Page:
by Duncan Marks
On Saturday 2 October, in early-autumn sunshine, the latest cohort of York University Conservation Studies postgraduates, their Director of Studies, Dr Gill Chitty, and a healthy turnout from the York Conservation Alumni Association, all embarked on a field trip to Brodsworth Hall, near Doncaster. The trip, which was kindly arranged and paid for by the YCAA, brought to a close a busy introductory week for the MA students, and was most certainly welcomed for it.
It would be harder to find a more befitting place to visit in order to showcase conservation principles and decision-making in-action than at Brodsworth Hall, an opulent family home built in the Italianate style during the 1860s by the fabulously wealthy Charles Thellusson. Today, Brodsworth Hall prides itself on being ‘preserved exactly as the last resident, Sylvia Grant-Dalton, left it in 1988’. It openly tells a tale of the gentle decline of a spacious family home built for grandeur but increasingly reliant on a make-do-and-mend mentality as the twentieth century progressed, before English Heritage agreed to take on the property and gardens in 1990.
On arrival, we were made very welcome by the curator Caroline Carr-Whitworth and assistant curator Elly Matthews, who by outlining the history of Brodsworth Hall, and contextualising its decline in the wider fate of similar houses of that age, set the day off in the right frame. As we moved around the house, Caroline and Elly’s explanations of the decisions that they had taken on the nature of conserving objects in each of the particular rooms was excellent. This way we could appreciate just how much TLC had gone into the fixture and fittings, a devotion to detail and conscientious care that might otherwise have been lost on our as-yet-cultivated conservational eyes. It was interesting to see a conserved house rather than the more typical restored one, allowing us to see conservation work as a living project and not merely an end result, which is often the seductive feeling when visiting National Trust or English Heritage properties.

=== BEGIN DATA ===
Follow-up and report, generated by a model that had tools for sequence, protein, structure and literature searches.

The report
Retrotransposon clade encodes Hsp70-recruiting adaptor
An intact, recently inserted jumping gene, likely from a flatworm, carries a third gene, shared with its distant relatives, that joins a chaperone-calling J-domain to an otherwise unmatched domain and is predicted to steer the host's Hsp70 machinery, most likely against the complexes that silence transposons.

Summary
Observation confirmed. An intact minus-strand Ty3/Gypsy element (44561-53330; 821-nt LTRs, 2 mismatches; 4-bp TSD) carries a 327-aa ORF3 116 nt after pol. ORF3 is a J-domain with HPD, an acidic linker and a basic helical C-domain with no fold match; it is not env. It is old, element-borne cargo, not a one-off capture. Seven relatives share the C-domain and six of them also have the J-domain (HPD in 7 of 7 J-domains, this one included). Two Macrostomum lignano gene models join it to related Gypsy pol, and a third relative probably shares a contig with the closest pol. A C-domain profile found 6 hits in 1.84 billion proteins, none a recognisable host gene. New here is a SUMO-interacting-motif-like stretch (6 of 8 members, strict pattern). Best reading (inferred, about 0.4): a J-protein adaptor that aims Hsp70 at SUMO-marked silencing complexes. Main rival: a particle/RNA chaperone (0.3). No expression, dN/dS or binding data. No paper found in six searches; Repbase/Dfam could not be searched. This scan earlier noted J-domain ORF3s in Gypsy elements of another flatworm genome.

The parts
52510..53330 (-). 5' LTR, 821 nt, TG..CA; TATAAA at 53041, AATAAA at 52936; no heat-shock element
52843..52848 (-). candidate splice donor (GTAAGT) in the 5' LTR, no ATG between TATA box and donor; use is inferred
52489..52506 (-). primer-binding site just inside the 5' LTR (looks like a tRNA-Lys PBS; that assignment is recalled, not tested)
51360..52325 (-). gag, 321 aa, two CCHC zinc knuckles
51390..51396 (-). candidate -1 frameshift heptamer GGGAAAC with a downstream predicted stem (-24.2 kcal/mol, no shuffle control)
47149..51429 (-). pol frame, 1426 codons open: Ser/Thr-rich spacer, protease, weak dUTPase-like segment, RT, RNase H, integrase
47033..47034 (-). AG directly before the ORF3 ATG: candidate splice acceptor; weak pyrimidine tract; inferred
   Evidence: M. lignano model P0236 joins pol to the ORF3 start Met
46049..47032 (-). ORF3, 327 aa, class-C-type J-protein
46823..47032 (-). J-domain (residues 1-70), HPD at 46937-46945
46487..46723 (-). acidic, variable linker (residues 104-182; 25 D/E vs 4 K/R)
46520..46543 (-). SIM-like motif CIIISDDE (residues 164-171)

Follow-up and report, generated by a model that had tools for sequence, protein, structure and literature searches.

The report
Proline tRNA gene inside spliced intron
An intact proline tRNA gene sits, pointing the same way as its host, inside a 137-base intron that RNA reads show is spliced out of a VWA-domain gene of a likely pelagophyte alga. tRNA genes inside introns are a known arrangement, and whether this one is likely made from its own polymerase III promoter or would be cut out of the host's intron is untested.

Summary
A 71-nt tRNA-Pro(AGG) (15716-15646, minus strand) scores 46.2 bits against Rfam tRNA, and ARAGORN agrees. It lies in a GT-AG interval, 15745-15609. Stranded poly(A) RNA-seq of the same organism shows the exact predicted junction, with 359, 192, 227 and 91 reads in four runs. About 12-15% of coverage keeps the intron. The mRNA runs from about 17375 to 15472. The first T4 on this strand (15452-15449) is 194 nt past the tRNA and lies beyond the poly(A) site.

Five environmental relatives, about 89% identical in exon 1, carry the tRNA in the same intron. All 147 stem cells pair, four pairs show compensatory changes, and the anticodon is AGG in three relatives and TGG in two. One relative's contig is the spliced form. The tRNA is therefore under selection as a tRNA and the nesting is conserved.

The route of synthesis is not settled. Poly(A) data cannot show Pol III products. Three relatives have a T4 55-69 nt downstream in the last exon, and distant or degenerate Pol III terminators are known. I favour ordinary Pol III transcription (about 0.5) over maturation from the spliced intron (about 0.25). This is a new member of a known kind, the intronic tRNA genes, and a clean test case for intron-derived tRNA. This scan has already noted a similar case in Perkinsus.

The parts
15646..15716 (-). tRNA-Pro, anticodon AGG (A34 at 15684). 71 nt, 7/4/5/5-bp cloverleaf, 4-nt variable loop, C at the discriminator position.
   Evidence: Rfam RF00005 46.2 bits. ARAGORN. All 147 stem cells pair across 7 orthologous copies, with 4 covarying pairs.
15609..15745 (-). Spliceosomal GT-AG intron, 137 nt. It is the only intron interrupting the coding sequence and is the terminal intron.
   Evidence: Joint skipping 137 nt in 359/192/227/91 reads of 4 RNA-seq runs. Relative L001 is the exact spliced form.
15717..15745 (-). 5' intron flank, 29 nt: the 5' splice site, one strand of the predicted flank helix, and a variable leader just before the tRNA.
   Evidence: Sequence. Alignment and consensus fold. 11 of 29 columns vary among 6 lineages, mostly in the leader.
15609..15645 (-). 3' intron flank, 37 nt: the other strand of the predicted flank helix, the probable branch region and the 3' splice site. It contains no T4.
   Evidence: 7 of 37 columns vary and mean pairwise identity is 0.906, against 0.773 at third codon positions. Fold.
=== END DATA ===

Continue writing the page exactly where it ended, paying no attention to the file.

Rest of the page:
The likely impact at Brodsworth Hall from the recent shift in English Heritage’s financial and organisational status, from being State-sponsored to a self-financing charity, provided opportunity for much discussion between alumni and students alike. It certainly reinforced for the latter that we are preparing to enter a sector whose ambitions and methodology are currently being redefined; simultaneously a daunting and exciting prospect. Will Brodsworth Hall succumb to the temptation to ‘restore’ the hall to the look of its early days of Victorian grandeur, such as they have chosen to do at Brodsworth with the hall’s lavish gardens? Or will they hold firm with the principle of preservation? In which case, how will it impact on their ability to pay-their-own-way in the cold commercial climate that English Heritage properties are now exposed to? While there are as yet no answers, the trip to Brodsworth Hall was, however, a great case study to rouse the new intake of Conservation Studies postgraduates to begin asking the right kinds of conservation questions.